10. Jukelemon

    Jukelemon

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    Guys:

    I have read and read at this point and it really seems pretty straight forward. Did you guys buy an expensive bearing puller set?
     
  11. Red_Chili

    Red_Chili

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    I use a cheap HB bearing separator, and a 12 ton HB press. Also bought press plates from HB. I would maybe spring for the 20 ton version if I had it to do over again.

    Hey, BTW... I grew up about 6 miles east of you on US 460, Bourbon County. Whitehall Farm, 4 miles west of Paris.

    [edit] DOH! HF HF HF HF, not HB, Bill, you moron...
     
    Last edited: Nov 28, 2005
  12. Jukelemon

    Jukelemon

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    Bill:

    What is HB? Paris is a great city-you should see it now. They have made Paris Pike into 4 lanes from Lex to Paris. Completely moved and relocated the stone fences all along that stretch.
     
  13. Mace

    Mace rock scientist.. Staff Member s-Moderator

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    I think he means Harbor Freight..


    It is the bearing puller and dial gauge I use....
     
  14. Jukelemon

    Jukelemon

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    I assume, then, it is the bearing puller that requires the slide hammer?
     
  15. Red_Chili

    Red_Chili

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    Yeah, I typo'd HB when I meant HF... oops...
    I use a bearing separator, no slide hammer. Press the bearing off the pinion. I use a Big Friendly Rubber Hammer to pop the pinion out of the front bearing, after mounting the third on this cheezmo diff holder I made (hey, it works... be sure to catch the pinion or you will be SAD!). I drive the races out with a drift, if I am going to reuse them I use a brass rod. But mostly the drift, because sometimes you just gotta wail on it.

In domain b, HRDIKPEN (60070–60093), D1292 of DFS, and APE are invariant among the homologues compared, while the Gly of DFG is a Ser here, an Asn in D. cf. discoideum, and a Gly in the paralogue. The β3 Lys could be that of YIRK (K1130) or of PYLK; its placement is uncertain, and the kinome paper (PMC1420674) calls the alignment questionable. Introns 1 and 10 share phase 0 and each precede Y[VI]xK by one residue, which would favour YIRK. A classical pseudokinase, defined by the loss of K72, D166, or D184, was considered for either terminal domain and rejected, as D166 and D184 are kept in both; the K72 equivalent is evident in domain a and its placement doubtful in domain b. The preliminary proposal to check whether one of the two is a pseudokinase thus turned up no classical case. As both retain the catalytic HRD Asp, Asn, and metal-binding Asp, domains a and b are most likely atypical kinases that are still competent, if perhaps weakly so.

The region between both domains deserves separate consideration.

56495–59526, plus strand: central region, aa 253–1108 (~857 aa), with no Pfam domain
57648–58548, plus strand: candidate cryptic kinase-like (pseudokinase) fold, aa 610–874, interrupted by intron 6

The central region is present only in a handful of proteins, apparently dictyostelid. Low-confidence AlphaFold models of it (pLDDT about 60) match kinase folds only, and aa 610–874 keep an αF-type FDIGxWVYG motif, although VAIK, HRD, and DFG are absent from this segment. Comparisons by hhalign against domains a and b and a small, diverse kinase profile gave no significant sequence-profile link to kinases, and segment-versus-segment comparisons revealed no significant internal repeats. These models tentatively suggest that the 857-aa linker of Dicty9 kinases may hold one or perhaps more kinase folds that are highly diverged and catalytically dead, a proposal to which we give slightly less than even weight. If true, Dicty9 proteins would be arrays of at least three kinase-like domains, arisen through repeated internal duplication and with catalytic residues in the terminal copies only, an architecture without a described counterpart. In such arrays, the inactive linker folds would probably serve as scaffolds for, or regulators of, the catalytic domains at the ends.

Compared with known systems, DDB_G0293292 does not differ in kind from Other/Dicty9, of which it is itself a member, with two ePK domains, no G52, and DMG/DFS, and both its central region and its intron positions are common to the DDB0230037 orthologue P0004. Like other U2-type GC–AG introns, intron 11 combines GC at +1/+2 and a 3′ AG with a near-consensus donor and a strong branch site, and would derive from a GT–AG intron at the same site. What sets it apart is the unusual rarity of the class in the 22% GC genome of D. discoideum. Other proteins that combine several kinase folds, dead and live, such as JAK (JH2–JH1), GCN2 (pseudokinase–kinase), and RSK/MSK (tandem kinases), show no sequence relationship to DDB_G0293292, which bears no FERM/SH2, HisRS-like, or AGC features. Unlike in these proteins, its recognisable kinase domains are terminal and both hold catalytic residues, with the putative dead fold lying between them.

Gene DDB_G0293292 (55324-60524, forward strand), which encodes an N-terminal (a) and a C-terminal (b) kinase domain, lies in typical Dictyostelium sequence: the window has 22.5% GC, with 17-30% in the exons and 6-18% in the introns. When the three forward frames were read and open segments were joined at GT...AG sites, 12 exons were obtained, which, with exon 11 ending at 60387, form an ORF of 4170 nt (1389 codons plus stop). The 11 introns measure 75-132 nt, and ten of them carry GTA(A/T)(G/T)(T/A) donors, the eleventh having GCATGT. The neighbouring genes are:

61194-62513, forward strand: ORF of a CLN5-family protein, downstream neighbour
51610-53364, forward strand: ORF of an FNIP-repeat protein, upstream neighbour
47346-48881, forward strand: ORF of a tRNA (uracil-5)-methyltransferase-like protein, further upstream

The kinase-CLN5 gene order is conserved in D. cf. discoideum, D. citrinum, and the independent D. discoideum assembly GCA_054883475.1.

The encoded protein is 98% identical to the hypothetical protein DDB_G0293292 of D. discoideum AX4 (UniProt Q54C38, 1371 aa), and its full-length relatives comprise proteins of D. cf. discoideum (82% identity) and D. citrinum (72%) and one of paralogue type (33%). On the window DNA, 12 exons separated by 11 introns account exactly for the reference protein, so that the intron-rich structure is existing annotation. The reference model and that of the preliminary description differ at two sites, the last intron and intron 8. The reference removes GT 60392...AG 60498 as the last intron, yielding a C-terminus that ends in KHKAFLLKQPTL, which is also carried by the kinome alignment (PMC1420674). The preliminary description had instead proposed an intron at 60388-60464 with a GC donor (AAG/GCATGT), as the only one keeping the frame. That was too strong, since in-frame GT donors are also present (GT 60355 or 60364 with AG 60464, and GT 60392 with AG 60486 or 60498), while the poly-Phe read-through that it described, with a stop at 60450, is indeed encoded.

There are a few different configurations of pinion bearings, so make sure you get the right one or your checking distance will be way goofy. Not insurmountable, but way strange if you've never seen it before. Check your pattern before putting the seal back in, or have a pro check it. Most will, as a courtesy.

    I think I was back there when the PP went four lane. We used to go to Lex via Jimtown (is it still in a bend in the road, such that drunks drive right through those poor folks' living rooms???) but it was way spookier. Everybody drove 70 on a lane-and-a-half. EEEK.

    My dad passed in 88, but his ex-wife (my stepmom, don't ask, it gets complicated) still has it and is trying to sell it. Kinda toward Cynthiana. I keep wondering if there is something in Bourbon County I could earn a living at, if it didn't sell. Good memories, probably better in my mind than it really was (or would be). But like John Grisham says in The Last Juror,
    OK, I added the last sentence. Don't know if it's still like that. But it was in the sixties for sure.
     
    Last edited: Nov 28, 2005
  16. Jukelemon

    Jukelemon

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    Bill:

    Has not changed much.